World’s top carbon polluter on course to meet 2020 and 2030 goals, as demand for coal nears peak
By Ed King
China’s lead climate envoy has hinted the country could exceed planned greenhouse gas cuts for 2020 by up to 10%, as the economy slows and coal use falls.
Addressing a conference in Hong Kong, Xie Zhenhua said the country would likely “far surpass” a goal to slash the carbon emissions in a unit of GDP 40-45% on 2005 levels by 2020.
The veteran diplomat, who negotiated for China at last December’s Paris summit, revealed the country could cut its carbon intensity by 50% by the end of the decade.
“China’s market for coal consumption has started to become saturated and should gradually decline,” he added in comments reported by the South China Morning Post.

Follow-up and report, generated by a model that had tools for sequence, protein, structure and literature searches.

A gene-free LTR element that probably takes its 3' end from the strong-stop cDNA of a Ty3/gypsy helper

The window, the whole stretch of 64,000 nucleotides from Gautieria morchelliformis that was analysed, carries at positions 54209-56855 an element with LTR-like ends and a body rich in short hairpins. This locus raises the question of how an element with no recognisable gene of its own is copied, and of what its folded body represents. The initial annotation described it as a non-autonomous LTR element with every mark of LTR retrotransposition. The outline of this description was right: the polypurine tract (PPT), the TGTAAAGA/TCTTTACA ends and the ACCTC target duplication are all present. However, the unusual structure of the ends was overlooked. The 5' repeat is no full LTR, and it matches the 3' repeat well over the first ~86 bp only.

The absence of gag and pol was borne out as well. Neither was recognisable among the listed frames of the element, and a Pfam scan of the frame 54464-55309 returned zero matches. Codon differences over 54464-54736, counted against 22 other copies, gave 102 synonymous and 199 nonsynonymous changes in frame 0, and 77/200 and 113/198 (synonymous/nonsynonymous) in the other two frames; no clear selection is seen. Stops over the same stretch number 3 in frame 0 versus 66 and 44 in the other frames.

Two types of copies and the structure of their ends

Official data suggests coal use by the world’s top carbon polluter fell 2.8% in 2015 while mining output dropped 3.5%.
The government had investments of $628 billion in the green economy planned up to 2030, Xie said, but admitted more support needed to be directed towards emissions data reporting, which experts say is unreliable.
“It is a question of ability … At every level of statistics there are exaggerations added to the data. Everyone knows that, and everyone is anxious [to fix it],” he said.
“We have set up a system to calculate and monitor energy saving and emission reduction, and are gradually improving it.”